Dumbest Argument Against the Debt Deal


I think the debt limit deal reached by Obama and the GOP leadership is a pretty bad one by any measure. But this is the single dumbest argument against that deal, that it will result in cuts to defense spending that will weaken the country.

♦ FY12: Freeze enacted at $530B, based on FY11. That’s $13B below the House appropriations level, and $23B below the Ryan budget, which (incidentally) was the same as Obama’s original budget.

Could have been worse—but to be cutting defense for next year by 4 percent from an Obama budget proposal that Robert Gates thought barely tolerable isn’t good.

♦ First tranche of long-term cuts: Continues the freeze, adding up to about $350B in cuts over the ten-year period.


OMG! A 4 percent cut in our defense budget? $350 billion cut over ten years? Why, that might drop America’s percentage of the world’s defense spending from 48% to, like, 46%! Yes, the U.S. spends 48% of all the world’s military spending. Our NATO allies spend another 18%. China only spends 6.5%. Here’s a chart from the Cato Institute with those figures:

And yet here’s Bill Kristol’s crazy conclusion:

1. If this deal governs policy for the next decade, it will be hard for the U.S. to remain the sole superpower.

2. This is the best day the Chinese have ever had.

3. This deal embodies a vision of America in decline.

Yeah, I feel so vulnerable to those “deep” cuts in defense spending. Why, we might have to invade one less country full of dark-skinned people that hasn’t done anything to us in the next decade. What a tragedy.

Comments

  1. John Hinkle says

    That side business Kristol has of running arms will probably see a dent in its margins… over the next 10 years. Poor baby.

  2. Chiroptera says

    Kristol: If this deal governs policy for the next decade, it will be hard for the U.S. to remain the sole superpower.

    Actually, that doesn’t seem like such a bad thing to me.

  3. Aquaria says

    Whew. Site back up. Thanks goodness.

    Now for the post:

    1) Does the pie chart reflect the $ amounts on or off the books?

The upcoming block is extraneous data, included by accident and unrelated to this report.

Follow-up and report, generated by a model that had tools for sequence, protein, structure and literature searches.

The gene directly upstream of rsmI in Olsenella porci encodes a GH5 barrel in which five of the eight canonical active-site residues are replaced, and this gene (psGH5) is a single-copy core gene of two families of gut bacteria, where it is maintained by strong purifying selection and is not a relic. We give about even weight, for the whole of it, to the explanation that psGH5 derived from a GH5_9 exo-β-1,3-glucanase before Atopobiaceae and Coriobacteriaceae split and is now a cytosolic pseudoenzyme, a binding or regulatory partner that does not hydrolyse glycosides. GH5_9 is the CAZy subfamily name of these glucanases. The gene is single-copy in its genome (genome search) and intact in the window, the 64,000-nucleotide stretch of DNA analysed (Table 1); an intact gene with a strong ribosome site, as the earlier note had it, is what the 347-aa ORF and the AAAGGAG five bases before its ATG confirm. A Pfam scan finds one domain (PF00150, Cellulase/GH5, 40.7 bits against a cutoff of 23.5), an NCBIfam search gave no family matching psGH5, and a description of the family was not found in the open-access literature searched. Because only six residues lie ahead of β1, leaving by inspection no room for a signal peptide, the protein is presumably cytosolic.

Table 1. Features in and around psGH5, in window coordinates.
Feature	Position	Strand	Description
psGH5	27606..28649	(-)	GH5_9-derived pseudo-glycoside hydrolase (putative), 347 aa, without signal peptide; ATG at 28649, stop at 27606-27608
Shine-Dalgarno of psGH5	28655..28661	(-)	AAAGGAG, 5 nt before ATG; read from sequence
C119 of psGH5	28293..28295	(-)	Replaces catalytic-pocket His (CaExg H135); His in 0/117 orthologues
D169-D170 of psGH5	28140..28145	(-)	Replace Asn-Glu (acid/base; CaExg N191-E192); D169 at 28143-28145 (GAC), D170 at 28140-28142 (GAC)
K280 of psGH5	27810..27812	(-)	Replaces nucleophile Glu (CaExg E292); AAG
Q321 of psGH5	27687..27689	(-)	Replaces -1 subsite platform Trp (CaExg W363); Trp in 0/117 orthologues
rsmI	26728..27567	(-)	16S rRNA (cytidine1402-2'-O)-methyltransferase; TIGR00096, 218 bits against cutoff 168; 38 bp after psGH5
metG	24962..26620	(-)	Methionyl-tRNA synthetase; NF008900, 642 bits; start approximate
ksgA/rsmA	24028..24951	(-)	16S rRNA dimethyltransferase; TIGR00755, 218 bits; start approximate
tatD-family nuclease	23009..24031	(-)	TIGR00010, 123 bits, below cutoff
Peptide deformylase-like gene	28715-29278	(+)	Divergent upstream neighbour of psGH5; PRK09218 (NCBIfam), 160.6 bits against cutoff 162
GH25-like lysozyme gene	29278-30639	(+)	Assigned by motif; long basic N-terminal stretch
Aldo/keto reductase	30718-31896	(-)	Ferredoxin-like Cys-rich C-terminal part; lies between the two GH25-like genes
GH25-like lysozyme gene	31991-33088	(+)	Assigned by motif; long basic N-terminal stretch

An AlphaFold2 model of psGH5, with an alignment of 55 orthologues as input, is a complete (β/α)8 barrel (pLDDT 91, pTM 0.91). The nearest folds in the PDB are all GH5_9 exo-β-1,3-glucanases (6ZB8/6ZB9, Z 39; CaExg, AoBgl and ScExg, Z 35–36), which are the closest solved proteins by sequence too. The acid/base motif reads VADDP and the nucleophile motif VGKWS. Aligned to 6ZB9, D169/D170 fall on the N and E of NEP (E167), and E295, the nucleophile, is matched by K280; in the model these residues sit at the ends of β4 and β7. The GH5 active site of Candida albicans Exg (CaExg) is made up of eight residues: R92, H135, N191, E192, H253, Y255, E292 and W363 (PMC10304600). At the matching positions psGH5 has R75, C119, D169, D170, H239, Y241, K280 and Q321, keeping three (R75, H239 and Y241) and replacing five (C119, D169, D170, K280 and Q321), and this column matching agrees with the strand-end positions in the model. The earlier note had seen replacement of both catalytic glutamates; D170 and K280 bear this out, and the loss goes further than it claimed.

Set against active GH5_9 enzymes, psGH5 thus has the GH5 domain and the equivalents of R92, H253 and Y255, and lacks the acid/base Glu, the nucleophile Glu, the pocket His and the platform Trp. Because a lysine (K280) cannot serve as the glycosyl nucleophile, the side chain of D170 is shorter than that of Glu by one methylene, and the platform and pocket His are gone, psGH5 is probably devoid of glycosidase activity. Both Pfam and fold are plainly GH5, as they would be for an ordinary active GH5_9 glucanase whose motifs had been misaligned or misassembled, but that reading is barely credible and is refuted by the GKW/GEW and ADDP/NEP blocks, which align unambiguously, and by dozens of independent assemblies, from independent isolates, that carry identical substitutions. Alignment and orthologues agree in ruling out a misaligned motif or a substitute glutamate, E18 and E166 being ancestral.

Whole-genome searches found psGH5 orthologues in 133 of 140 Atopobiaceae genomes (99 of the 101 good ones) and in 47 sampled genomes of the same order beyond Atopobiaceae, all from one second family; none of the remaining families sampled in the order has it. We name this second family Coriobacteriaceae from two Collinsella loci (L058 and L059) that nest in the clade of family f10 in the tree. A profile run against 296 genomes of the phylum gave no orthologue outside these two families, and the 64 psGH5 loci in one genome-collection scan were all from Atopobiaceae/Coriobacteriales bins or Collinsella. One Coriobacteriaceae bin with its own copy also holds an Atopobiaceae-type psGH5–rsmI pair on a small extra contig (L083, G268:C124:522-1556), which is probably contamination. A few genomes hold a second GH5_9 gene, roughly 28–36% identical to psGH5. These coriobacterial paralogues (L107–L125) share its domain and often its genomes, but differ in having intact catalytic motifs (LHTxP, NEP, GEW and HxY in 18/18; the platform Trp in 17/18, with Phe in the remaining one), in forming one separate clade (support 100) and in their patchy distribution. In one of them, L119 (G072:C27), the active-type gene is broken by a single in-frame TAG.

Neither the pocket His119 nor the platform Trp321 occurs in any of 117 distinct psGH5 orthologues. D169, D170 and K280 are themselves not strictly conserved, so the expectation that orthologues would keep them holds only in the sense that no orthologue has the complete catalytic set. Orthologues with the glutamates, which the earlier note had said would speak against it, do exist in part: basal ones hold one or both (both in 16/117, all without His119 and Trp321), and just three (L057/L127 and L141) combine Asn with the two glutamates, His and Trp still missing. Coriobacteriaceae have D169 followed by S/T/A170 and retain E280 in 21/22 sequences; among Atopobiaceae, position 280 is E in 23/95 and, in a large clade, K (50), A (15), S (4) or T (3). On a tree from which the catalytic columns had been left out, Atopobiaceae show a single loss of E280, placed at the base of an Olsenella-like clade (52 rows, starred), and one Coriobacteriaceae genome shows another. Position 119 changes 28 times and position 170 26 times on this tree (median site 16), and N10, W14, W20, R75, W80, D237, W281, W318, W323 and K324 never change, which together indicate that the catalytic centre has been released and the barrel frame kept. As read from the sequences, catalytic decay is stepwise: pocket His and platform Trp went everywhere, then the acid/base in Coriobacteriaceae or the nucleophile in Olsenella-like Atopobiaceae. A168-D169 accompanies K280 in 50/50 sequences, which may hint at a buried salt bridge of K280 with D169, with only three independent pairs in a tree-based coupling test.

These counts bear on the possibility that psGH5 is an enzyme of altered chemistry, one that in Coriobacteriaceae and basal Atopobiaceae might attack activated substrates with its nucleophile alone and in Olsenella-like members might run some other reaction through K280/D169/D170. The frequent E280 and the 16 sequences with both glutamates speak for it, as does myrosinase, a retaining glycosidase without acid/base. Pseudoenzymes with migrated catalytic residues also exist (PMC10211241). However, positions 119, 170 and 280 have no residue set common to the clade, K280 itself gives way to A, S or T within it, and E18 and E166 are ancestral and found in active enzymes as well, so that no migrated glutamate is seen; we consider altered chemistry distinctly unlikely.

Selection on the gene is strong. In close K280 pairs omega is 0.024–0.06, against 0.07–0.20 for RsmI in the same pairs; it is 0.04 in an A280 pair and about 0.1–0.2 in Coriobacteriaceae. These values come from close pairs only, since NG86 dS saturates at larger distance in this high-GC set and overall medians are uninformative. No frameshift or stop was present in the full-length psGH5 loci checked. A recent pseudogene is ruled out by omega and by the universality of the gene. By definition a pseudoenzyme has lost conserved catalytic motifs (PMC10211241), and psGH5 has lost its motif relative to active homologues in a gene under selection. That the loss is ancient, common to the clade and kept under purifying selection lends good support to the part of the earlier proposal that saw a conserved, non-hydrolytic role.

2) Funny, I read somewhere that the DoD generals have all said they could have a 15% reduction in spending, and not have it affect operational readiness. I’ll have to dig up where I got that number, but I distinctly remember seeing it.

    These chickenhawks are, as always, lying scumbags.

  4. MikeMa says

    The same Bill Kristol who pushed moose barbie on us? Consistently wrong about everything: Bill Kristol. If he doesn’t like cuts we should immediately cut more. His record will guarantee success to any project he dislikes.

  5. Ben P says

    The same Bill Kristol who pushed moose barbie on us?

    As much as I really dislike Palin, I can forgive Kristol for that. From his end it was a political strategy like any other. I think his primary miscalculation is that he didn’t look before he leaped.

    Think back to the summer of 2008. Obama had effectively put Hillary away in May and was building up a full head of steam going up to the democratic convention.

    I think by that point Polling was pretty clear that a standard republican ticket (McCain + Slightly less old white guy) would get steamrolled. So Kristol (and others) knew that if they were going to pull it out, the Republicans needed a game changer, something not only to excite the base but potentially steal votes.

    Someone like Liebermann might have stolen votes from the dems, would the republican base would have been even less excited. Kristol’s bet was by picking up a hardcore conservative woman they could steal both the disaffected “hillary” demographic and excite the base.

  6. Ben P says

    On the debt ceiling issue itself, I’ve talked to a couple of wingnuts that are just losing it now.

    For an example, see this Volokh Conspiracy Thread

    As is almost always the case at Volokh the bloggers themselves are at least nuanced in their thinking. (A couple there are bad though). I think there is a reasonable case that it was Clinton having to comprimise with a republican congress that helped create a minor surplus in the late 90’s.

    On the other hand, some of the commenters are just batshit insane.

  7. areaman says

    “I think there is a reasonable case that it was Clinton having to comprimise with a republican congress that helped create a minor surplus in the late 90′s.”

    The reason we had a balanced budget in the late 90s was that 1) Clinton (and Bush before him) raised taxes in the early 90s, and 2) the economy boomed in the mid-to-late 90s. Economic growth + higher tax rates = vastly more revenue.

    Conservatarians can’t accept this simple explanation because it violates their sacred belief system, so they bend over backwards to try to credit a Republican Congress that had nothing to do with it.

  8. Dennis N says

    3. This deal embodies a vision of America in decline.

    This is true, but not in the way Kristol means it. A country that can’t live up to its promises to the elderly and the poor is a country in decline. A country that cuts back on its defense budget when it isn’t needed? That’s a step forward, toward a more modern, sensible country.

  9. says

    This is pretty typical of the right. Cut wasteful spending now! Uhh, except for the military and corporate subsidies. Those can’t be touched.

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